All along we needed a strong president, not a compromising one that would do anything for bi-partisanship or a deal.

The loss of the left, the far left sliver, is not what will make the difference in this election. Maybe or probably the state of the economy will be decisive, but also it has to be the loss of that middle, the loss of Obama's connection to those people. He has not asked them to stop and think about what he has been up against nor allowed it to be evident that he had a vision that he fought for for them even if he lost the battle.

Jack said...

Early on, during the Presidential campaign, there was a description of Obama (in the NY Times I think) that explained his reverence for the Chicago style of conciliation in regards to political negotiations. Obama has described repeatedly his desire for "consensus" with the Republicans. His presidency might be better described as naive. Dean Baker seems to have a more accurate take on the situation,

Mitchell J. Freedman said...

I'm with the commenters.

But I must say something else: Obama does not believe what Krugman and Robert Reich believe. That is their--and my--frustration. Obama is too close to the University of Chicago law profs who are in turn too close to that university's economics department.

There are plenty of shovel ready job programs, contra to Obama, starting with the tunnel project in NY/NJ.

Putting people to work would have been concrete--pun intended--and would have done a lot to stop the cynicism the administration engendered.

I have been calling Obama and Co. "Weimar Democrats" to call attention to this weakness on the part of Obama in the face of the irrational hatred on the Right.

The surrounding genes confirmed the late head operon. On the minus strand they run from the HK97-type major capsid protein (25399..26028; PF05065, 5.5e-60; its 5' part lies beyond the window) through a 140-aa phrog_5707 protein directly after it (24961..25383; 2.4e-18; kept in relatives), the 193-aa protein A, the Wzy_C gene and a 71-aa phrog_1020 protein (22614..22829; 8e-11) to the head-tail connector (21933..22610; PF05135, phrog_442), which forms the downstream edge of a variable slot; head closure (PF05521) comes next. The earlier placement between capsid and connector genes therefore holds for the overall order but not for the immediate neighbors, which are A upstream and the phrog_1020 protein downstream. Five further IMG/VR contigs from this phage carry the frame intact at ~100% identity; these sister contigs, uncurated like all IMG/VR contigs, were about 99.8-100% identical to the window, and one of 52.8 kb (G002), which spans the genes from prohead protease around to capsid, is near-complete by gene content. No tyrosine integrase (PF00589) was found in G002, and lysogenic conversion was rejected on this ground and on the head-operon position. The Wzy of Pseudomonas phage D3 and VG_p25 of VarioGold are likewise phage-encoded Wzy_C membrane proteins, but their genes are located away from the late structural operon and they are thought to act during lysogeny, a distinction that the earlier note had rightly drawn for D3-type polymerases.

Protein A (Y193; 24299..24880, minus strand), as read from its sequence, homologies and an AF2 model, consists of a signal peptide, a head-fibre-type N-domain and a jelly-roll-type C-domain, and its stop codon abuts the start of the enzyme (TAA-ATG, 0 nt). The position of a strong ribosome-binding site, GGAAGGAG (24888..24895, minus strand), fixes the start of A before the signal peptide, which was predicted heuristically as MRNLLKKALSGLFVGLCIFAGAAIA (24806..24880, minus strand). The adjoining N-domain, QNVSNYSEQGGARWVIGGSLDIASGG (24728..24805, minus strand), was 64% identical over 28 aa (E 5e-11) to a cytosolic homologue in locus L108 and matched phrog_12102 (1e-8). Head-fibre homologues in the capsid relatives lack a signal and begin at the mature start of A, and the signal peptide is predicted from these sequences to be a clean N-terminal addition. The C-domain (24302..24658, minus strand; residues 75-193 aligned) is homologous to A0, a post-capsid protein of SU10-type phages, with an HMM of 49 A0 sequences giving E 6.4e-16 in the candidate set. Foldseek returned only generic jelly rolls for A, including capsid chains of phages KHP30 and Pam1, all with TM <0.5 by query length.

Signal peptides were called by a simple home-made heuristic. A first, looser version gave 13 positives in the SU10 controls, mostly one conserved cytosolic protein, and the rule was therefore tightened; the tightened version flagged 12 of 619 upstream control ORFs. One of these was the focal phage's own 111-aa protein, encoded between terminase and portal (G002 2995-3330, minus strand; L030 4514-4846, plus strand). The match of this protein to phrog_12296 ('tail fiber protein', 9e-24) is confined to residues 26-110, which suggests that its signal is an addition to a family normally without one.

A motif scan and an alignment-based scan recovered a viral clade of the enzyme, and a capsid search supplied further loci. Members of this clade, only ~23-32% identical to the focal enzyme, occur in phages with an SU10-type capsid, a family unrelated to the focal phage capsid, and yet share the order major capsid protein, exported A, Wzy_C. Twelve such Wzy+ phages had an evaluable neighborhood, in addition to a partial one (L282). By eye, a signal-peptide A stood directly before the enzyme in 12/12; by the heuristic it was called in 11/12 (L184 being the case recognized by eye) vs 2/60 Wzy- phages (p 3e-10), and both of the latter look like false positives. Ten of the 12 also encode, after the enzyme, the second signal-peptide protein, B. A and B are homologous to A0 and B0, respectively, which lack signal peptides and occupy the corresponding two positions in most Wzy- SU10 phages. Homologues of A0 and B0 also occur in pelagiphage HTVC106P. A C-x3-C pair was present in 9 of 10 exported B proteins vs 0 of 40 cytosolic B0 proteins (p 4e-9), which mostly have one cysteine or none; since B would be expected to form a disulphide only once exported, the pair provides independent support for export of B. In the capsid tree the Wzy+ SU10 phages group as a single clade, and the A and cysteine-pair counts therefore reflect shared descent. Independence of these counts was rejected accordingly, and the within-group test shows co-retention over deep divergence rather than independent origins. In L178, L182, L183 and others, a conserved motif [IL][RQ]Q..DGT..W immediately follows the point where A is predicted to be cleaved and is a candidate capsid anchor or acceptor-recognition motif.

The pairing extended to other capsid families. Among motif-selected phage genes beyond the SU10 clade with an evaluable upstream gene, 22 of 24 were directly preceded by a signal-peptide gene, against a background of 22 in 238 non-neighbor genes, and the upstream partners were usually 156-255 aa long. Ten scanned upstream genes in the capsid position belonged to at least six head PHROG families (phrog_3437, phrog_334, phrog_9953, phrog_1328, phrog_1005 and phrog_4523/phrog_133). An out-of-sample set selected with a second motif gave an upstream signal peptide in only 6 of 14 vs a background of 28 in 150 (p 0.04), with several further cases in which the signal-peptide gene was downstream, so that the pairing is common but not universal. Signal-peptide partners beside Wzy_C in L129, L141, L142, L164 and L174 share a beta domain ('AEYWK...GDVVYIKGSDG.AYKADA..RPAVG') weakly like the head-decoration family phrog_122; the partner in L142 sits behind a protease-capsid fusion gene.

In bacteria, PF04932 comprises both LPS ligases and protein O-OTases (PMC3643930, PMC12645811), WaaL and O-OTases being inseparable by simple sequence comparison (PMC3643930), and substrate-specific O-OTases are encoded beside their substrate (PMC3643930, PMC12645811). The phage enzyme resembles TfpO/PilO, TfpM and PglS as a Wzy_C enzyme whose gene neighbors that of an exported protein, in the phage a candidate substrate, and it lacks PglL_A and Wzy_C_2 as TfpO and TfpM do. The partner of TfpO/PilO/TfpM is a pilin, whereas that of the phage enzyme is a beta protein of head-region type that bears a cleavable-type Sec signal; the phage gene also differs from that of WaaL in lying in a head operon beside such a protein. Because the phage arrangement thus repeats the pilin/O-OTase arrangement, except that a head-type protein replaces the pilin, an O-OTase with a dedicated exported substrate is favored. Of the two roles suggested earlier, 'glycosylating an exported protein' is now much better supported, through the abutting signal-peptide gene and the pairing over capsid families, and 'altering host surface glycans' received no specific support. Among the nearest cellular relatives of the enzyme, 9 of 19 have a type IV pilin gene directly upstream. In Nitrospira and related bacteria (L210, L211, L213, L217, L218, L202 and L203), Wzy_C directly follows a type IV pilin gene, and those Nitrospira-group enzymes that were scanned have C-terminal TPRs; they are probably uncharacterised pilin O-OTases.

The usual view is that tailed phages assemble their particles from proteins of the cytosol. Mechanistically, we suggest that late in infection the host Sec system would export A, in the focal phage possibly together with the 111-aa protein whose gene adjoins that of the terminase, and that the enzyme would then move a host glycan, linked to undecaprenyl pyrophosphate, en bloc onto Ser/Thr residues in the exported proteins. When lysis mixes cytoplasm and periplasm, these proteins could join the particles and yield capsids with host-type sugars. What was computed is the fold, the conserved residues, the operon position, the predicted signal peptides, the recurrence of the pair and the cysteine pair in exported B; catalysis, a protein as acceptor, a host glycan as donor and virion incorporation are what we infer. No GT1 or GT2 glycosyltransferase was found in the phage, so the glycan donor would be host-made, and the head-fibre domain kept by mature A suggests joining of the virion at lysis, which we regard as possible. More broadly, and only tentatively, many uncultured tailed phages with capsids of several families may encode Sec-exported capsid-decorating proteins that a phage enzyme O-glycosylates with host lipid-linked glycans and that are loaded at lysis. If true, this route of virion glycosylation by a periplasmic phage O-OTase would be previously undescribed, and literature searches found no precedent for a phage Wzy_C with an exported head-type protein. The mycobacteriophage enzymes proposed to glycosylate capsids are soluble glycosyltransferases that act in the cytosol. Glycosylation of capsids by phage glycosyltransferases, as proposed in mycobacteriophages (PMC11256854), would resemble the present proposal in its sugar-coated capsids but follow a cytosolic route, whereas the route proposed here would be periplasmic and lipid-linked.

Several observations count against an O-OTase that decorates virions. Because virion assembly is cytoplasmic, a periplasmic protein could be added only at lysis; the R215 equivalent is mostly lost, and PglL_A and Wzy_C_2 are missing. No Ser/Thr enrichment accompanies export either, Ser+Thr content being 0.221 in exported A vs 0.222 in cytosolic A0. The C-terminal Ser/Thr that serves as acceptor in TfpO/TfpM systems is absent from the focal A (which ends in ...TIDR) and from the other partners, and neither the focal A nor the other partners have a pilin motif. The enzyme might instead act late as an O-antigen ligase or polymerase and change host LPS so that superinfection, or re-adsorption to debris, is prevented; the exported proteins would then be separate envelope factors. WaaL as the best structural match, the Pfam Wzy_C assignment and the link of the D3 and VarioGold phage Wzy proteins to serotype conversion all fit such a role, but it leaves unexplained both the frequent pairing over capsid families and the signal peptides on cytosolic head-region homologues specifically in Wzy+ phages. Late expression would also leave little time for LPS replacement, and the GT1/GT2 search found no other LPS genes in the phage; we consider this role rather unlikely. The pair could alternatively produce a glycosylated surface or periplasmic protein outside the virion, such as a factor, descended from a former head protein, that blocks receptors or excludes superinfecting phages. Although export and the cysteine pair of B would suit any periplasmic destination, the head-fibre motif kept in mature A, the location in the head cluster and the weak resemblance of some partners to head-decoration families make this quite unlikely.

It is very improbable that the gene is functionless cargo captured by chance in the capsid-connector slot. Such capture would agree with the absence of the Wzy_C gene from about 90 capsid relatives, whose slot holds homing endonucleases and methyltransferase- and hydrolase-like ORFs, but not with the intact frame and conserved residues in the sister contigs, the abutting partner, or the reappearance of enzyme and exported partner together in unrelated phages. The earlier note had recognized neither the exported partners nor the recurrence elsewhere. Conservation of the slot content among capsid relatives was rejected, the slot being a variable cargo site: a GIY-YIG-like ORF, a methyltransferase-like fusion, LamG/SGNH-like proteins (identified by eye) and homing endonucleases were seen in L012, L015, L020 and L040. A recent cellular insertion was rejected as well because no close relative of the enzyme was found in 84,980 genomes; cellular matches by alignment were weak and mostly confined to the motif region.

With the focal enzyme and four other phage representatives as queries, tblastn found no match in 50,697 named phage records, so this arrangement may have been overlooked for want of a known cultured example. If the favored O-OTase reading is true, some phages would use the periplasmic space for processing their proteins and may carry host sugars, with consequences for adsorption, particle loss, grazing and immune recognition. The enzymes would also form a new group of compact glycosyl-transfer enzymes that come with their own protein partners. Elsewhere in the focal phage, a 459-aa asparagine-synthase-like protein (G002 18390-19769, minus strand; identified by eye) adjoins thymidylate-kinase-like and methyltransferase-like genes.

Mark C said...

I agree absolutely with Bernard Avishai here. First of all, Obama was NEVER a far left guy. Didn’t anyone read his “Audacity” book? He has always considered it of utmost importance to understand the other side and work with them - that, in fact, is what I always considered to be what he meant by CHANGE, and why I became a big supporter of his. Civil debate and compromise is something that this country has moved against in this bi-polar (and I mean that politically as well as emotionally) country we live in. I can't for the life of me understand what transformation it is that people think could have been made in two years, given our nation's politics. I have a vague recollection of a time two years ago when it was uncertain whether our country’s financial system would even survive. We now have high unemployment to be sure, but things are working, and moving in the right direction without question. We have a national health plan, our combat troops are out of Iraq, there is a wall street reform package that would not allow unregulated derivative gambling to ruin the system again, we have what looks to be a very effective consumer protection agency, and on and on. Not bad for a couple years.

I think Krugman's Nobel has turned him into a Nader-like self righteous crusader. Don't misunderstand - I like and admire Krugman and his take on the economic history of the country, especially the cause and effects of income inequality, but he has the luxury, as do all pundits and critics, of being purely ideological without having to navigate the real political waters that Obama has to operate in.

Peter D said...

There is a saying "If you settle for less than you deserve, you'll get less than what you settle for". This is precisely the problem with Obama and his wasted opportunity.
I could re-hash about the crisis that was allowed to be wasted etc. when Obama did have all the advantage in the world, but I would like to draw your attention to the fact that some Obama policies are in fact worse than Bush's.
You repeated point that criticism of Obama from the left somehow made him more vulnerable to criticism from the right is absurd. Besides, nobody on the right pressured Obama to authorize assassinations of American citizens without trial, to fight for tyrannical detention without trial in Bagram etc. Nobody on the right pressured him to lend support to an a-priory losing candidate in Arkansas primary (the same one who was repeatedly derailing what Obama claimed to be his health care agenda). Nobody on the right pressured his administration to minimize and deny (to this day) the full extent of the damage from the BP spill.
Obama is unfortunately not a progressive guy. He is still infinitely more preferable to the loony right, but no amount of Bernard's apologia will make up for the disappointment that he is.